All the signs that dog could get aggressive and attack

A vet has shared some of the subtle warning signs that could indicate your dog is about to become aggressive and may be at risk of attacking others. 

Veterinarian Dr. Sara Ochoa, from Louisiana, US regularly writes for animal blog Hound Games.

She has reminded those hoping to buy a dog this Christmas of the upkeep they require – and the signs they may get angry. 

The vet, who has been practicing veterinary medicine for the past five years told The U.S. Sun of warning signs a dog might act out before a violent attack. 

She said: ‘Things like how the dog holds itself and the sounds it makes can be clues,’ Dr. Sara said.

An angry and aggressive dog labrador showing its teeth, looking ready to attack (stock image)

‘A dog that looks tense all over with its fur sticking up or teeth showing is more likely to snap’. 

Dr Sara also said that if your canine is staring hard and intently while not blinking, it could be agitated. The same goes for growling.

And signs that the dog itself feels threatened or scared include ducking down low and tucking their tails between their legs.

Another indication of fear is hiding or squeezing behind furniture.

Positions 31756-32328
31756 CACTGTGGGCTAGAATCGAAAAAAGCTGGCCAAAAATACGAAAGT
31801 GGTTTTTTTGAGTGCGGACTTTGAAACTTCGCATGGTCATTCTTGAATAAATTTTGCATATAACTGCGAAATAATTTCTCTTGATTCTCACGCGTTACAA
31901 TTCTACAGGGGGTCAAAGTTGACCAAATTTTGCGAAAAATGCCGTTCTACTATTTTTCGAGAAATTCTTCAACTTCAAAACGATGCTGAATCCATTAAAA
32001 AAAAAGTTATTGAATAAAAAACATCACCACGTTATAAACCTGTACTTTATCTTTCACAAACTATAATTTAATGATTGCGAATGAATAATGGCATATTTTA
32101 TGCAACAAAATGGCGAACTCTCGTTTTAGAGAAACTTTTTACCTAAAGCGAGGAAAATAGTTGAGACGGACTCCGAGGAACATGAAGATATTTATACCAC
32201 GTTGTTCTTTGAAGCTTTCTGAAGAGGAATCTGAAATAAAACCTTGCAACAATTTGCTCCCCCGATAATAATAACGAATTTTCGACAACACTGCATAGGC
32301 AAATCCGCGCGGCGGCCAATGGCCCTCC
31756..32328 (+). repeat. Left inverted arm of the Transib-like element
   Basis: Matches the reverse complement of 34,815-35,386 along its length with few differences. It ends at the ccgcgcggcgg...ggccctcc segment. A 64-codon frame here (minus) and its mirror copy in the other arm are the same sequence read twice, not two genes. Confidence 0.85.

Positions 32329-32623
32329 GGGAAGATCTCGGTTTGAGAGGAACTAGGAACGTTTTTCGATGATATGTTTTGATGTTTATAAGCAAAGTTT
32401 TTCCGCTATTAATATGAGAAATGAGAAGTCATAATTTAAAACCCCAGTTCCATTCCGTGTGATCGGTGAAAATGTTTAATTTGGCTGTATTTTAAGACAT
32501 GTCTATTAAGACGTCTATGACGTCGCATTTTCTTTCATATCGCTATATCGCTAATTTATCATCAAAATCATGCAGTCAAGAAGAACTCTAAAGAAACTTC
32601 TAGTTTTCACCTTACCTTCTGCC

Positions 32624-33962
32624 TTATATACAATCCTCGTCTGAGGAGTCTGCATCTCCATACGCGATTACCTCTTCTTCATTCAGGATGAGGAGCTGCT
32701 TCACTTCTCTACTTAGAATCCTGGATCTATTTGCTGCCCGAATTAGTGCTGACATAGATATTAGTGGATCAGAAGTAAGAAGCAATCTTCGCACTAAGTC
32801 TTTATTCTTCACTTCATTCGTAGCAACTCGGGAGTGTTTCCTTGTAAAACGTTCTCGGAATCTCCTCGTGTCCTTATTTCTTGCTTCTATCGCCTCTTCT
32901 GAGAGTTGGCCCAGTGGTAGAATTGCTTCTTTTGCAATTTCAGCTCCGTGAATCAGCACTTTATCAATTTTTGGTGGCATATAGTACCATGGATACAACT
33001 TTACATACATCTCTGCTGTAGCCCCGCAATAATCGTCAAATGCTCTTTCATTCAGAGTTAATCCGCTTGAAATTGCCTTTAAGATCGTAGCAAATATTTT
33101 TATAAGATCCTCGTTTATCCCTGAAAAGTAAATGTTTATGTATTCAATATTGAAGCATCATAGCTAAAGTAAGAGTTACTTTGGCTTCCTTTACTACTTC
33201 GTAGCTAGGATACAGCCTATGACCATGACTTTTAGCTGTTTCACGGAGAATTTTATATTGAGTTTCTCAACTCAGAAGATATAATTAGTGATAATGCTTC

To tackle these feelings, the vet suggests staying calm. If you give them space, the pooch will hopefully feel less on-edge.

She recommended observing the mannerisms of your pet so you can spot the signs ahead of time that they are in distress.  

In particular, she advised dog owners to watch how their pooch holds itself. If they hunch or bear their teeth, they might be angry. 

When angry, a dog may snap, growl or suddenly jump towards you while snarling. They’re more likely to lash out when they’re stressed, according to the expert.

But Dr Sara insisted that different dogs react act out differently, so it’s good always practice to learn your own dog’s behaviour.  

The expert also revealed that there isn’t one breed that’s more likely to be aggressive than others – even though pitbulls, XL bullies and rottweilers have recently been in the spotlight over aggressive behaviour. 

An angry little chihuahua do dog on the leash (stock image)

She explained that the way the puppy was raised is more relevant, citing poor training and minimal playtime as potential reasons.

The pet doctor explained that if the canine was treated with kindness from the onset, it is less likely to become aggressive.

Dr Sara advised new-time dog owners expose their puppies to other dogs and humans as early as possible to help relax them.

She even suggested rewarding your pooch if it behaves well – and this could even extend to throwing a party for them. 

If that fails, a dog coach providing them daily training could work wonders if they need to manage their anger as tackling an angry canine on your own can be tough.